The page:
American Life in Poetry: Column 332

I’d guess that nearly everyone is aware that time seems to speed up as we age. Whenever I say that something happened ten years ago, my wife reminds me that it was twenty. Here’s a poem about time by the distinguished Maryland poet, Linda Pastan.

Counting Backwards
How did I get so old,

I wonder,


my 67th birthday.

Dyslexia smiles:

I’m 76 in fact.

There are places

where at 60 they start

counting backwards;

in Japan

they start again

from one.

But the numbers

hardly matter.

It’s the physics

of acceleration I mind,

the way time speeds up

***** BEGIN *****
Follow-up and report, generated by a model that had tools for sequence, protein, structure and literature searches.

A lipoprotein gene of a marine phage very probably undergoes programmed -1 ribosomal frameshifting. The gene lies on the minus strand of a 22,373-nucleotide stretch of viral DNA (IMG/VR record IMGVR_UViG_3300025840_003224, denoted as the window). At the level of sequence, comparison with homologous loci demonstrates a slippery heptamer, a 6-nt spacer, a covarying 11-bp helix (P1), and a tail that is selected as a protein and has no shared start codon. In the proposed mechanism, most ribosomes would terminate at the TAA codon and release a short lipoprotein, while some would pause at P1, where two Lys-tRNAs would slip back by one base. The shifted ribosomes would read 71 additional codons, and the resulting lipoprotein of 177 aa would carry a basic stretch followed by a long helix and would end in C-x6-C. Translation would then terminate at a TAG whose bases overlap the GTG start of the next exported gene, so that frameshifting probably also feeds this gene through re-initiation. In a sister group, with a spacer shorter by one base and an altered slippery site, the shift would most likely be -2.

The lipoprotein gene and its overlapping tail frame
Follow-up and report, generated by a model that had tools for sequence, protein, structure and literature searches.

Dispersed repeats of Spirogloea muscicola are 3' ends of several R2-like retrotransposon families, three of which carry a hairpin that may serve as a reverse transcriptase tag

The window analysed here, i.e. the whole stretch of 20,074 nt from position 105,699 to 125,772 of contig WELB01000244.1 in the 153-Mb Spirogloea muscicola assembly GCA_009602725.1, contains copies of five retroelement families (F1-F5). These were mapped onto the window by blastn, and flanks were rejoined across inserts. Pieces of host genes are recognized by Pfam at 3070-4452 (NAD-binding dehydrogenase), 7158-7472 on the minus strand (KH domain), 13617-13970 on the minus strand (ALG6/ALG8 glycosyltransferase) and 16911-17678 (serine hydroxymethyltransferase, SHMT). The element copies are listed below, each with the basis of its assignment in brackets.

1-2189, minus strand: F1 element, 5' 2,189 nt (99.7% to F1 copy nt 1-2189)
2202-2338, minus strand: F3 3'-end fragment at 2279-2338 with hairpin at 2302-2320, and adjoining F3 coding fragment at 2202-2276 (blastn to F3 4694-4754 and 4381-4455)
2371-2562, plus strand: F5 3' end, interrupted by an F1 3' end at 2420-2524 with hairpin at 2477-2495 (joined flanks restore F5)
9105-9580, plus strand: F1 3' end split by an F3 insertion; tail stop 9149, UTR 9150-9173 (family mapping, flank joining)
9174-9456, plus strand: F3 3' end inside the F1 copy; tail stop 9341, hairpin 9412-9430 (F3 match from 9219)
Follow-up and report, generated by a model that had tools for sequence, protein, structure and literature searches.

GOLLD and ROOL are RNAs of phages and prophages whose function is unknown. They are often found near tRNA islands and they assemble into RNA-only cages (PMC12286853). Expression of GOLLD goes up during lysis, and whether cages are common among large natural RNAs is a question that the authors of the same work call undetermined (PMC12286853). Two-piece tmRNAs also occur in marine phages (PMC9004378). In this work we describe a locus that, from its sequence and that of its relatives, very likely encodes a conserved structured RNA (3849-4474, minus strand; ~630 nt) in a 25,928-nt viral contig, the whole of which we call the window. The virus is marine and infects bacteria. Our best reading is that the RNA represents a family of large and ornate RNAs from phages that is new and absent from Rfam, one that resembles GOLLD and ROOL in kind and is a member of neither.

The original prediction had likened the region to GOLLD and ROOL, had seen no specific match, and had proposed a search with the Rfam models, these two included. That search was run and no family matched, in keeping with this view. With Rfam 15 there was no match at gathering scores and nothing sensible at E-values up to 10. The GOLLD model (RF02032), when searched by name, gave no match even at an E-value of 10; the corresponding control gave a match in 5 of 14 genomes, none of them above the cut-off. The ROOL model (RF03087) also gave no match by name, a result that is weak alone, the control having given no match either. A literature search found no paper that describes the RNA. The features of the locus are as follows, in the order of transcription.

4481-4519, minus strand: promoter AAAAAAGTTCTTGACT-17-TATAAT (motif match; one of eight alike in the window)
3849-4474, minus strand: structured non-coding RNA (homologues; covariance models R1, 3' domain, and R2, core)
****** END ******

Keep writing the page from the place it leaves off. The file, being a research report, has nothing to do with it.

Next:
as if it hasn’t guessed

the destination—

where look!

I see my mother

and father bearing a cake,

waiting for me

at the starting line.

American Life in Poetry is made possible by The Poetry Foundation (, publisher of Poetry magazine. It is also supported by the Department of English at the University of Nebraska-Lincoln. Poem copyright ©2010 by Linda Pastan, whose most recent book of poems is Traveling Light, W.W. Norton, 2011. Poem reprinted from Nimrod International Journal, Awards 32, Vol. 54, no. 1, 2010. Rights granted by Linda Pastan, in care of the Jean V. Naggar Literary Agency. Introduction copyright © 2011 by The Poetry Foundation. The introduction’s author, Ted Kooser, served as United States Poet Laureate Consultant in Poetry to the Library of Congress from 2004-2006. We do not accept unsolicited manuscripts.